ECDC has published Monitoring current threats: ECDC Communicable Disease Threats Report, week 7/2014. Click through to download the full report. The numbers for chikungunya in the Caribbean are much higher than I'd thought. The summary:
The ECDC Communicable Disease Threats Report is a weekly bulletin intended for epidemiologists and health professionals in the area of communicable disease prevention and control.
This issue covers the period 9 to 14 February 2014 and includes updates on:
Seasonal influenza in Europe
For the second consecutive week, the proportion of sentinel specimens testing positive for influenza virus has decreased with signs of declining influenza activity in some countries. Of the 27 countries providing clinical data, Greece reported high-intensity influenza activity, eight reported medium intensity and 18 countries reported low-intensity influenza activity.
Chikungunya in the Caribbean
During the past week, 490 new cases of chikungunya have been reported in the Caribbean. New confirmed cases were reported from the French part of Saint Martin (52), the Dutch part of the island (Sint Maarten, 5), Martinique (326), Saint Barthélemy (21) and Guadeloupe (81). Four additional cases were notified in Anguilla and one imported case was recorded in French Guyana. This is the first documented outbreak of chikungunya with local transmission in the Americas.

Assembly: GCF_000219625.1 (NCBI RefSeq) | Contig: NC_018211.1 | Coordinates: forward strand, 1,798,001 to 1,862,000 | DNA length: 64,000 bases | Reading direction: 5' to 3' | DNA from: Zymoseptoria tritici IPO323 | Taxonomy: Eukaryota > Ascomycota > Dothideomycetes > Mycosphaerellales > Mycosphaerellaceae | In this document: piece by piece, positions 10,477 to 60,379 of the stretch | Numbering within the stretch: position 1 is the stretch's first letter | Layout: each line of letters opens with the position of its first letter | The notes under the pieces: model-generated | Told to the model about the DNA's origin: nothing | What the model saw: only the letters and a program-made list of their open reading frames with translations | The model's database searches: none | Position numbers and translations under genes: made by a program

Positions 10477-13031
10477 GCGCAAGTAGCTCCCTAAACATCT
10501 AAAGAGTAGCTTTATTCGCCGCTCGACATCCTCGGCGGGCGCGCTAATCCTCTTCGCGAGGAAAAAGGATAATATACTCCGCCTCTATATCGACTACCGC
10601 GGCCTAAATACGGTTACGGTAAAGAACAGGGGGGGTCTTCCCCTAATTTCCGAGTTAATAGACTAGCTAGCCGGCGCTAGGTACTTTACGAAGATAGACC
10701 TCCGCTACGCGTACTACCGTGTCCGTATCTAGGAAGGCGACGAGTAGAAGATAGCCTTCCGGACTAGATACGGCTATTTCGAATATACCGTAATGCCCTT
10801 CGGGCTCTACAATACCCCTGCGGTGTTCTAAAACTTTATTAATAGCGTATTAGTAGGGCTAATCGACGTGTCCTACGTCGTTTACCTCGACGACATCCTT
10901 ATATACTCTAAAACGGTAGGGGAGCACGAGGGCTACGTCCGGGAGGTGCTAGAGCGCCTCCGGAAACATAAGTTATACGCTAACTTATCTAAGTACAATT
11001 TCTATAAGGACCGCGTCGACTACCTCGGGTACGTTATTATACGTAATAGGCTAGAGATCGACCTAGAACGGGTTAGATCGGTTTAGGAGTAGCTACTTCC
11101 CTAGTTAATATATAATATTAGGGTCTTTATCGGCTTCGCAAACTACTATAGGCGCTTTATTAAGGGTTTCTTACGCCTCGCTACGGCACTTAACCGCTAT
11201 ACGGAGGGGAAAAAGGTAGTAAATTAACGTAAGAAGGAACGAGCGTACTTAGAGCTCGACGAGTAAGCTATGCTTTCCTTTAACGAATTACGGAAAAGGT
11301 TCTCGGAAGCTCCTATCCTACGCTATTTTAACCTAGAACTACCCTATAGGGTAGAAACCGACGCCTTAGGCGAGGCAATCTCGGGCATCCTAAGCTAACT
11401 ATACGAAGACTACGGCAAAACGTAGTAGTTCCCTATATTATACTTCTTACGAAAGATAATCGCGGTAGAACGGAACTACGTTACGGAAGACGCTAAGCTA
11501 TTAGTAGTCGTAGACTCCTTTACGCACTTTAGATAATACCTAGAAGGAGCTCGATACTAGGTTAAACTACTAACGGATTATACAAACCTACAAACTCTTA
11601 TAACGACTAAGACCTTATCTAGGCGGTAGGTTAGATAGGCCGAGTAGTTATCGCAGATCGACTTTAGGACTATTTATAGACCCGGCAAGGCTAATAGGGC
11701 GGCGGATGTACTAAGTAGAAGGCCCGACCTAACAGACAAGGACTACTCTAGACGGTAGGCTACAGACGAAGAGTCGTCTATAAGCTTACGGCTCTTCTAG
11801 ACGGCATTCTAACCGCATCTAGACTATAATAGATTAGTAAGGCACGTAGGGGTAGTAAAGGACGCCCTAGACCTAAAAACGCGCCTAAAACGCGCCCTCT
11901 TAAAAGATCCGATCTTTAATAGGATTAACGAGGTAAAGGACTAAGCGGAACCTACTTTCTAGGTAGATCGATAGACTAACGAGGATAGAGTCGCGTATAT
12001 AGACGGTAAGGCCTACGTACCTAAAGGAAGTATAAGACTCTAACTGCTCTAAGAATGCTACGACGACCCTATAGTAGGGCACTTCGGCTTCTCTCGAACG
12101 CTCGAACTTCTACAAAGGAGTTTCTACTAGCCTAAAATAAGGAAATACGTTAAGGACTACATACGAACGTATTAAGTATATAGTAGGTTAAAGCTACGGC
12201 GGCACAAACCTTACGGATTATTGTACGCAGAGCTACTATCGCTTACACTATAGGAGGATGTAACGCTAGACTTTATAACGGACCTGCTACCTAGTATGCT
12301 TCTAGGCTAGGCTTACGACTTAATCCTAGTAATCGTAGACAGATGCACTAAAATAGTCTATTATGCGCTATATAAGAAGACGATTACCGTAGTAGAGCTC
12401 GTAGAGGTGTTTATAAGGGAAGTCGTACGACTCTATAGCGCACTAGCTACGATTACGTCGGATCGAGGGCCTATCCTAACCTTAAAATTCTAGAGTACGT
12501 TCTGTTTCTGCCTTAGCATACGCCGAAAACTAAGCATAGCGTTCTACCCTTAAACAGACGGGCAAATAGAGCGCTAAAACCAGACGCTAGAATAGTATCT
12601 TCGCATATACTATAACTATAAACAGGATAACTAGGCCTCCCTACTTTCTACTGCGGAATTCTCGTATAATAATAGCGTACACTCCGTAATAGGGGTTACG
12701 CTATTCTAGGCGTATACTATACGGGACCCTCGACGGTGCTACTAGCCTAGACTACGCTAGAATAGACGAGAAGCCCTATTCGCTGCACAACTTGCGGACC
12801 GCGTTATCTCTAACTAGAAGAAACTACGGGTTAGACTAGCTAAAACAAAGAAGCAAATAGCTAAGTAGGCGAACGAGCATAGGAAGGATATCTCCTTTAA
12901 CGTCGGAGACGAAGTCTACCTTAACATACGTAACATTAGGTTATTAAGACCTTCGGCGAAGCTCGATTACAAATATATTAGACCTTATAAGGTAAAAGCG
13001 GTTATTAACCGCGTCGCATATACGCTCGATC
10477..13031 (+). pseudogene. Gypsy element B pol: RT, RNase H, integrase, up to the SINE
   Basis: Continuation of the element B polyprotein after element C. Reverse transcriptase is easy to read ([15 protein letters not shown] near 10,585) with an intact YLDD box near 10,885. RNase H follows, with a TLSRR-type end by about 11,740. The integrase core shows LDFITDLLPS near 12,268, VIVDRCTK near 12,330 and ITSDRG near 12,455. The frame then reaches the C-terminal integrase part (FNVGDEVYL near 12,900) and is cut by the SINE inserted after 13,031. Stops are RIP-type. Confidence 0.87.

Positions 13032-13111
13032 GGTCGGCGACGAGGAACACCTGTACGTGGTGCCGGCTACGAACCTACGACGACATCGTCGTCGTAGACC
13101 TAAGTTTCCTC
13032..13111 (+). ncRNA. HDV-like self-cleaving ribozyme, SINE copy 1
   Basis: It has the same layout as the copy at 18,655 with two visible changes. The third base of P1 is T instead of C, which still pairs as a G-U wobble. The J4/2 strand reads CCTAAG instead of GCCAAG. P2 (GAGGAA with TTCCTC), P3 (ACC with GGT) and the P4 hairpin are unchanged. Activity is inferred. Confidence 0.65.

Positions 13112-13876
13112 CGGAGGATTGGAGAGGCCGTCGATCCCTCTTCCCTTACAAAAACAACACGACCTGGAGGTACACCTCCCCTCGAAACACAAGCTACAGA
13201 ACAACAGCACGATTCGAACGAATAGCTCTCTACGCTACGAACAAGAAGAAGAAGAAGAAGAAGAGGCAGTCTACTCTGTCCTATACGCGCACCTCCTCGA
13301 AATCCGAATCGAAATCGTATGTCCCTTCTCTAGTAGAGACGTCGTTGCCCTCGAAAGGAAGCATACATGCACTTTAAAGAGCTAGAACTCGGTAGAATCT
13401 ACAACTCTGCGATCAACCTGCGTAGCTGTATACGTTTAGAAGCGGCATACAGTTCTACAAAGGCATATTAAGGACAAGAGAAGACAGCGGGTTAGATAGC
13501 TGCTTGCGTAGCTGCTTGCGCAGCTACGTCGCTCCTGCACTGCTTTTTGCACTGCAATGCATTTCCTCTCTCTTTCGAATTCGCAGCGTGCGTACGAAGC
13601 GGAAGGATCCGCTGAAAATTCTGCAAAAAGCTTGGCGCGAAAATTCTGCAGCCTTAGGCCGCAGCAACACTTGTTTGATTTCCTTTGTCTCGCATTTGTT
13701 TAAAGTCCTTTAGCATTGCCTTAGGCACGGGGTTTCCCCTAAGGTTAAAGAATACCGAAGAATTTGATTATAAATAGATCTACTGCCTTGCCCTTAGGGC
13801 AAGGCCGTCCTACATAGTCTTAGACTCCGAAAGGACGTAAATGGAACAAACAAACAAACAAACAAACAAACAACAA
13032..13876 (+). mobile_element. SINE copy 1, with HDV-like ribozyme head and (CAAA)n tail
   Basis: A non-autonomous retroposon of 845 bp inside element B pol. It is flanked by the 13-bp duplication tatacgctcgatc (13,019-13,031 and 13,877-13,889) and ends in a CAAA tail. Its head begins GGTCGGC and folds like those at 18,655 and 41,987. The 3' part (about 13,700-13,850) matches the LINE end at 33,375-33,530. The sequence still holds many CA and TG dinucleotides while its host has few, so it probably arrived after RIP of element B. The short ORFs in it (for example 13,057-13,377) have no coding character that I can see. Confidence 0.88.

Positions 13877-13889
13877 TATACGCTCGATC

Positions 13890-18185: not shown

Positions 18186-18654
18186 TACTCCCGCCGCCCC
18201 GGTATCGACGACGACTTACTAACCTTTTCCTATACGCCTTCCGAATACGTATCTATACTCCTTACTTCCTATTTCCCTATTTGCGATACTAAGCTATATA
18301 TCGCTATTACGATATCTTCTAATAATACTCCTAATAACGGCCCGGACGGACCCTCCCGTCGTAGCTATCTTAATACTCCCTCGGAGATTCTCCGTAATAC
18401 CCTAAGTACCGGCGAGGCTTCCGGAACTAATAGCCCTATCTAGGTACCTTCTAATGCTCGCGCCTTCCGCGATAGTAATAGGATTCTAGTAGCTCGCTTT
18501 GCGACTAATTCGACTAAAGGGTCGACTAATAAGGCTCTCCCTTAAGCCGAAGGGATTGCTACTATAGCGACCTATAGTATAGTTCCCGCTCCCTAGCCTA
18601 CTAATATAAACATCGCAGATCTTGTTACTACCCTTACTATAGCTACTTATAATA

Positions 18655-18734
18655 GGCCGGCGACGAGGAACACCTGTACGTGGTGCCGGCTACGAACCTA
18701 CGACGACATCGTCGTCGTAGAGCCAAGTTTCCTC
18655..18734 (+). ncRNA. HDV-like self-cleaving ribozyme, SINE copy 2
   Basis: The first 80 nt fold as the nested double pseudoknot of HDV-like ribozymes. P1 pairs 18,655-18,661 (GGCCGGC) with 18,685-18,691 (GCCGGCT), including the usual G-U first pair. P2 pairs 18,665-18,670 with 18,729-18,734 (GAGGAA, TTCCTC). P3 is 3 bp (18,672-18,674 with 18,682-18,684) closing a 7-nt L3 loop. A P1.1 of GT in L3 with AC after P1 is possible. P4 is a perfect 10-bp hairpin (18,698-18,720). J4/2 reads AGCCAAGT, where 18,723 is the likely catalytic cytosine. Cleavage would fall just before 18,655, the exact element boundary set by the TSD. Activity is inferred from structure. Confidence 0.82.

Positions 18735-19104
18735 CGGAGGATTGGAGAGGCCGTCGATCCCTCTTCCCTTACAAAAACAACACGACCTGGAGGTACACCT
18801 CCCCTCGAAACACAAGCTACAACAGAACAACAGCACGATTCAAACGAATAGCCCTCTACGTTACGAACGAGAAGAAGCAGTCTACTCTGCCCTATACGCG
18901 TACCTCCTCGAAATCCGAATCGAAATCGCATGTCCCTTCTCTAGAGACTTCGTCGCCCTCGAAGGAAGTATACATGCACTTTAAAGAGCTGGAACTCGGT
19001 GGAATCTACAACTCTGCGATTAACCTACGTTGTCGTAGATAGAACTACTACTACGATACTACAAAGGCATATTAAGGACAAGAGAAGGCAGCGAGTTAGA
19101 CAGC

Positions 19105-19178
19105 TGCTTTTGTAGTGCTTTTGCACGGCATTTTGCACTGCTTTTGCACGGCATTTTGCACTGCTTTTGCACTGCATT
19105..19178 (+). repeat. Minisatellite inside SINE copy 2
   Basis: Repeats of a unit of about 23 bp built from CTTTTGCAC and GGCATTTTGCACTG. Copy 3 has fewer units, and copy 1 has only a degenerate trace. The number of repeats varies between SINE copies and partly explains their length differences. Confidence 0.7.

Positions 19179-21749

Zika virus in French overseas territories
The two French overseas territories French Polynesia and New Caledonia are currently experiencing an outbreak of Zika virus infection. Since the last update, more than three hundred new suspected cases have been reported in French Polynesia. The outbreak is subsiding in most affected islands of the territory. In New Caledonia, health authorities confirmed 19 new cases in the past week; 18 of them were locally transmitted. This outbreak could lead to travel-related imported cases in the European Union with no expected onward transmission during the European winter season, while there is a high risk for the disease to spread to other islands in the Pacific region, concludes the ECDC risk assessment published on 14 February 2014.